These hetero-fermenters produce both acetic and lactic acid, but tend to be inefficient at producing these acids resulting in nutrient and dry matter losses of the fermenting crop. The final ratios of these acids depend on the crop maturity, moisture, fermentable sugars and bacterial populations.

The reason Silo-King is also formulated with food-grade antioxidants and anti-fungals is to shorten Phases 1 and 2, resulting in greater DM and nutrient retention of the harvested crop. When the pH drops below five, Phase 3 of silage fermentation begins.

Critical middle phase

Phase 3 is a critical phase. During this phase, either the homo-lactic or hetero-lactic bacteria will dominate. Homo-lactic bacteria is more efficient than the hetero-lactics, and can rapidly drop the pH of the fermenting forage by efficiently producing lactic acid as the only end product.

Again, this is why Silo-King ‘seeds’ the fresh silage with only homo-lactic bacterial strains. In this phase the stabilisation of temperature of the fermented crop occurs; the dominating bacteria convert water-soluble carbohydrates to acid, which reduces the pH and, in turn, preserves the silage.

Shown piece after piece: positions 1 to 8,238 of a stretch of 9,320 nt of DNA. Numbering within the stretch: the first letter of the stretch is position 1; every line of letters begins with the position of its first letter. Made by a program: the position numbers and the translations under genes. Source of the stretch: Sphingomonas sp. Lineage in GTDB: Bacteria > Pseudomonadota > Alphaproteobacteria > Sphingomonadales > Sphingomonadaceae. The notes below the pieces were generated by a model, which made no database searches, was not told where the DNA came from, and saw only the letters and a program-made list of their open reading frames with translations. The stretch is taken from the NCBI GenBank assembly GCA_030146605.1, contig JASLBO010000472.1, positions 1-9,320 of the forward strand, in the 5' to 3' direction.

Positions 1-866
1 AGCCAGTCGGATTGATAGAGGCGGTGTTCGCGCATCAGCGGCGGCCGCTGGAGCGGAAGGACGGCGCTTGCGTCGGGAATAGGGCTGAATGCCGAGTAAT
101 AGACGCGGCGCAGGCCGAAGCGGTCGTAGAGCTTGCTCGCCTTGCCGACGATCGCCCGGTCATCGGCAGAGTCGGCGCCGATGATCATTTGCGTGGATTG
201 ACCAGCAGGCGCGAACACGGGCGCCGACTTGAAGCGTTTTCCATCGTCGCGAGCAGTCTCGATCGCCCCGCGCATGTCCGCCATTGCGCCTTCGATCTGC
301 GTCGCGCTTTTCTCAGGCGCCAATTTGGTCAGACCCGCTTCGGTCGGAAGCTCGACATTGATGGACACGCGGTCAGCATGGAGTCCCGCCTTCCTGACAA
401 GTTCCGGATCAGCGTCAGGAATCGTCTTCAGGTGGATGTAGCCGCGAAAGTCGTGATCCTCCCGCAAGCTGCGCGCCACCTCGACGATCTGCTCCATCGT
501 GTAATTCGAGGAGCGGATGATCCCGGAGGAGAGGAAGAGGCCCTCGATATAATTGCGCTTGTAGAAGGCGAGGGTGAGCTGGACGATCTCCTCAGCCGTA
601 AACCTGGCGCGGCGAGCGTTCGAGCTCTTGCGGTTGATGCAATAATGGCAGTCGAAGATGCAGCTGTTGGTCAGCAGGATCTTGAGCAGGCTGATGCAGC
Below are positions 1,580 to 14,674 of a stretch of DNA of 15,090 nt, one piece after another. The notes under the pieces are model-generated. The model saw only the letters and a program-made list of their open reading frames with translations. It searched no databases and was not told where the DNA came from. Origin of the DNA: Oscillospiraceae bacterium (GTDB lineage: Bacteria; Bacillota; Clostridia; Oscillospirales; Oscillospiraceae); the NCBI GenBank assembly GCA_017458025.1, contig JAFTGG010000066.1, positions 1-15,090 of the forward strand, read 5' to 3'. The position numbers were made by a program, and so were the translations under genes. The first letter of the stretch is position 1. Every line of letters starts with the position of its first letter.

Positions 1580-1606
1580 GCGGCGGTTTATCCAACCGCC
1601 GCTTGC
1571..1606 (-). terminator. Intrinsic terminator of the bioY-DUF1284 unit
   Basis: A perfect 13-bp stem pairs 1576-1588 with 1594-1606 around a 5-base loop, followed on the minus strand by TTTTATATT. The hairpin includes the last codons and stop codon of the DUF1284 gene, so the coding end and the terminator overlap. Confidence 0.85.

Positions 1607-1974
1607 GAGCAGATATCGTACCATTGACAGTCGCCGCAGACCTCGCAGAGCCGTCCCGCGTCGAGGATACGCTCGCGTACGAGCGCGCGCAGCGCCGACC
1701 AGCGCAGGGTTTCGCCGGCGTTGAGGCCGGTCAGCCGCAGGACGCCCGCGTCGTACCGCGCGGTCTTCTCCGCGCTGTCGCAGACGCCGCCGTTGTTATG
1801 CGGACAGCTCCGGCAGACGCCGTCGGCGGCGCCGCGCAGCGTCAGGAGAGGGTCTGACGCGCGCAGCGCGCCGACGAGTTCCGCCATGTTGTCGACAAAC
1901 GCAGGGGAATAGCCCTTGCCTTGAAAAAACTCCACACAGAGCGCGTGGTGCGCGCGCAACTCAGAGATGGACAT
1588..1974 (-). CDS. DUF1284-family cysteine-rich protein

In well-fermented, homo-lactic silages, lactic acid can account for over 70% of the total organic acid content. The final pH of an ensiled crop depends on the type of forage, fermentable sugars and moisture content of the forage at harvest.

Maize silage, in contrast to grasses and legumes, has a lower buffering capacity, more water-soluble carbohydrates, and generally reaches a pH less than or equal to 4.0. When the terminal pH is reached, the forage is ‘preserved’ within the silo.

Silage pH does not indicate the rate or quality of the resulting silage. To determine the quality of the silage, a complete analysis is needed where the feed’s nutritive content including rumen digestibility of the forage’s fibre and dry matter are quantified as well as acetic, lactic analysed.

Reduce fermentation time

Phases 2 and 3 are completed within three days to three weeks from time of harvest. The general recommendation is to wait at least three weeks before feeding newly harvested forages.

The length of this fermentation process will vary depending on the crop harvested (related to buffering capacity), moisture, and maturity of the ensiled crop. Properly applied, a high-quality silage additive, like Silo-King, will decrease fermentation time required.

Silo-King treatment of the forage helps to push fermentation completion towards that best-case scenario of three days. Typically, the sooner the fermentation reaches completion, then the greater the retention of DM and nutrients.